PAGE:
Sunday, March 15, 2009

Engagement and Marriage

The importance of marriage cannot be overstated. The Shem Mishmuel, zt”l, once said, “Torah is compared to a wife since Torah learning also brings one to completion.”
It is customary to make a party celebrating one’s engagement. Once, when someone invited Rav Shlomo Zalman Auerbach, zt”l, to such a celebration, he called it an eirusin.
Rav Aurebach gently corrected him. “Although many refer to this celebration by that name, people should not do so. Eirusin refers to the first stage of marriage.”
When he gave a gift to Hebrew speakers celebrating such an affair, Rav Auerbach would refer to it as “kishrei shiduchin.” Of course, many refer to it by the Yiddish word “vort,” which means “word.”
Once, at an engagement party, someone commented that presumably the reason why many call an engagement party a “vort,” is because the groom gives a d’var Torah which is often interrupted.
But another guest brought a different rationale in the name of Rav Simcha Bunim Leiberman, shlit”a. “He explains that the name signifies that a person has finally come to completion, since a vort or dibur must be complete. We can extrapolate this from the gemara which brings the verse, "על פי שלשה עדים יקום דבר"—“through the testimony of [two or] three witnesses will the matter [davar] be established...” It then explains that witnesses must testify regarding a ‘davar,’ a full matter, but not a ‘half davar.’ In this sense, calling it the Yiddish word for davar can allude to completion. It is well known that the Zohar teaches that until a man is married he is likened to half a body. It is his task to search for his basheret, as we find in Kedushin 2: ‘This is comparable to one who loses an object. Just as he must work to find it, so must a man must seek out his match.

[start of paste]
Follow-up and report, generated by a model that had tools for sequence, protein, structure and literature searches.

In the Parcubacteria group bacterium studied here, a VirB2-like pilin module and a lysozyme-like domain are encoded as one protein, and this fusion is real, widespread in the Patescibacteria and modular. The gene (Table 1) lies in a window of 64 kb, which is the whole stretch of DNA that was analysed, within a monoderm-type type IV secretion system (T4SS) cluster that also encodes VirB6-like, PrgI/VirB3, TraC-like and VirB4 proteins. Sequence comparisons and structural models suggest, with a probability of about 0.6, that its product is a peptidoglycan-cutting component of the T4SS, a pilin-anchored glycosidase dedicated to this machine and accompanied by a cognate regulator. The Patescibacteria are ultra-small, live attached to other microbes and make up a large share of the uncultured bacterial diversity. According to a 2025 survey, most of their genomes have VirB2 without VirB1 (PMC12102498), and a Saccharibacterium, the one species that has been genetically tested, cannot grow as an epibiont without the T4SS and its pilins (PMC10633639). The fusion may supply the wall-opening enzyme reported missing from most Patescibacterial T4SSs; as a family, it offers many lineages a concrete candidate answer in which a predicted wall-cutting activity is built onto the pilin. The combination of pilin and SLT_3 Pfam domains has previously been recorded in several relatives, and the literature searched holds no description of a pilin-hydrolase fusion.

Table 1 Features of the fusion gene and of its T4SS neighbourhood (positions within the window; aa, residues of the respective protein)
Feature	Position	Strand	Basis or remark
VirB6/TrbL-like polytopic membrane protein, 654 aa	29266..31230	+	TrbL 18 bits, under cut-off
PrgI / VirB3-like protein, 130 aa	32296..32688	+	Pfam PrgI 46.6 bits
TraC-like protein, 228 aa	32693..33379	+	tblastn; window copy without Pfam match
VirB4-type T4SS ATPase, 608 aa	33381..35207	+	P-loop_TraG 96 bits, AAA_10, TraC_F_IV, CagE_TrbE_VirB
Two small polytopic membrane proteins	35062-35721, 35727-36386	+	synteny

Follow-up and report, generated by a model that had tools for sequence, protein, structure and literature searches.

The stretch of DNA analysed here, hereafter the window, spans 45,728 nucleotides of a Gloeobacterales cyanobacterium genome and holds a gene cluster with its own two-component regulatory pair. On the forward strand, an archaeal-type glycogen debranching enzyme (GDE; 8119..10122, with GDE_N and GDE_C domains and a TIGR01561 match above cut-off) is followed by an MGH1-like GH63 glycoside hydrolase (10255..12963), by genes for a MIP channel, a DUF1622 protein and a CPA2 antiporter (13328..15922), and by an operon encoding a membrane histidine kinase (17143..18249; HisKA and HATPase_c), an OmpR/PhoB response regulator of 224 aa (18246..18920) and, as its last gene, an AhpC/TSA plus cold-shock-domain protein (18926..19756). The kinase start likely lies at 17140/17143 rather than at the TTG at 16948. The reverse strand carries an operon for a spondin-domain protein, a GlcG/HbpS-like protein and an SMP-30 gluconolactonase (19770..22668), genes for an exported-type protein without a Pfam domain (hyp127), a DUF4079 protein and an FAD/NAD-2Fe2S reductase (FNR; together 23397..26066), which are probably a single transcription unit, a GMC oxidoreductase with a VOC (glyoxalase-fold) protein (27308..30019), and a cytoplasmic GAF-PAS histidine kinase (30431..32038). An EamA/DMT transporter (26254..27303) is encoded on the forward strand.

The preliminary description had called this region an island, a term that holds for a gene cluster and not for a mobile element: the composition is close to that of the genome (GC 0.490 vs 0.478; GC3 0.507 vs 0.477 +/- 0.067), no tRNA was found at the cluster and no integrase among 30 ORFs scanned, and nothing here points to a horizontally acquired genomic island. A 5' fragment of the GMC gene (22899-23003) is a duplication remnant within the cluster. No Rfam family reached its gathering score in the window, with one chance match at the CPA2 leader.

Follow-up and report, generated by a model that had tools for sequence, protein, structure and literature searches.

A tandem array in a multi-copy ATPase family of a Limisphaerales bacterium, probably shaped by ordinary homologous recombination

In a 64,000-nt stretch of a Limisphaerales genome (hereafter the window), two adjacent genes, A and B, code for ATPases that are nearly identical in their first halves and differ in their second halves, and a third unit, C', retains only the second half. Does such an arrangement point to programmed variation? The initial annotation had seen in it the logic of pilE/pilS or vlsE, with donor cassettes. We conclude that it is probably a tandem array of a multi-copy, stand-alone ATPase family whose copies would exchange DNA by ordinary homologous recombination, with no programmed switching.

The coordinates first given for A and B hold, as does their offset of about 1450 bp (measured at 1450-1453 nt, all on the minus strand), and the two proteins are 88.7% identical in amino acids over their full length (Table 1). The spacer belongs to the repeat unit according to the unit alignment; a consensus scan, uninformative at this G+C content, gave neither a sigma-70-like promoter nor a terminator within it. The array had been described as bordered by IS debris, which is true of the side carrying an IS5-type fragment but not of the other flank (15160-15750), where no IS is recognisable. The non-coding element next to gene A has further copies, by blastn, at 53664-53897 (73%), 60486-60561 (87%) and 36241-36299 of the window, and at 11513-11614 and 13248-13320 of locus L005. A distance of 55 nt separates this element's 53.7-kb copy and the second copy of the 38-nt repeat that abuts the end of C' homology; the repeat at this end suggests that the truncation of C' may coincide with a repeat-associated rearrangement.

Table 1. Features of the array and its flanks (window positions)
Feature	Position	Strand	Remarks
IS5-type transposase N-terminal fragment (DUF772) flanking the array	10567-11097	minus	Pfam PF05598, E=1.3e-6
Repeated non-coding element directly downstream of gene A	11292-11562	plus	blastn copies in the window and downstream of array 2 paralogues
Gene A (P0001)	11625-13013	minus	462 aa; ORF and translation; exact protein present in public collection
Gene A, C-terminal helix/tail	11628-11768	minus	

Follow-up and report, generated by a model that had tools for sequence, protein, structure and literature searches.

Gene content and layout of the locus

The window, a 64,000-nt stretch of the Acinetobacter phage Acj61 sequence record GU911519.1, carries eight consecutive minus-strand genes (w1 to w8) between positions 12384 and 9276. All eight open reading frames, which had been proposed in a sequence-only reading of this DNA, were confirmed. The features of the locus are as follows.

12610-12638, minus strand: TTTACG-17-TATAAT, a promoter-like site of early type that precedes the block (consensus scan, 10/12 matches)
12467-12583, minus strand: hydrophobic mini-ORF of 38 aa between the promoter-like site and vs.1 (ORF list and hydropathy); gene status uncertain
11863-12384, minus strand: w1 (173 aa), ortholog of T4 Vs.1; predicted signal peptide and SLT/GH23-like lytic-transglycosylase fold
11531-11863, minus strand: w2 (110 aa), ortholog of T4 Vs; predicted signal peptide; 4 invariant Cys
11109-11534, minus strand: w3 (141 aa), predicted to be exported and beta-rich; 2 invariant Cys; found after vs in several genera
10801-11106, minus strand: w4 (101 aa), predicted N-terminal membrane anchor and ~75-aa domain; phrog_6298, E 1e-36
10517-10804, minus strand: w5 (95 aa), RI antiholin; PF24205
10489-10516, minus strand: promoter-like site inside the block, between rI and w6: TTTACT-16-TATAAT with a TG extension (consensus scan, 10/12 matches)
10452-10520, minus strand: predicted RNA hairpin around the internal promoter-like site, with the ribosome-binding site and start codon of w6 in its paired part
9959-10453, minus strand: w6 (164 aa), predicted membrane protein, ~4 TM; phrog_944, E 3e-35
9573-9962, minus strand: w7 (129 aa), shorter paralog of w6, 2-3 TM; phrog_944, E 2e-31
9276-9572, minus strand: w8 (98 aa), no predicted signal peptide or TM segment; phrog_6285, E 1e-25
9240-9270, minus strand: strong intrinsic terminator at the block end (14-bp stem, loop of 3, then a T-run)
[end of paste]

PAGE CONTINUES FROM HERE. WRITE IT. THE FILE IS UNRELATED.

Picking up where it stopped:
He concluded, “Now that the chasan is finally becoming a davar, a complete person, it is fitting to call this celebration a vort!”

4 comments:

Emunatidbits said...

I thought that it’s called a ‘vort’ because the two sides give their ‘word’ to get married.

Micha Golshevsky said...

Good point! I have actually never heard that, although it is a great explanation. Ya'asher koach!
Some poskim rule that the choson should darshen(Igrah D'vey Hilulei and Shulchan Ha'Ezer) The Chavas Ya'ar actually rules that the choson's d'var Torah is what makes this seudah into a seudas mitzvah.

Dovid Lieberman said...

Nice to see this vort (unintended pun!) from my Zida zt"l. Unfortunately he was niftar this Sunday.

Micha Golshevsky said...

Boruch Dayan Haemes.
Hashem should comfort your entire family with all the avelei Tzion and Yerushalayim.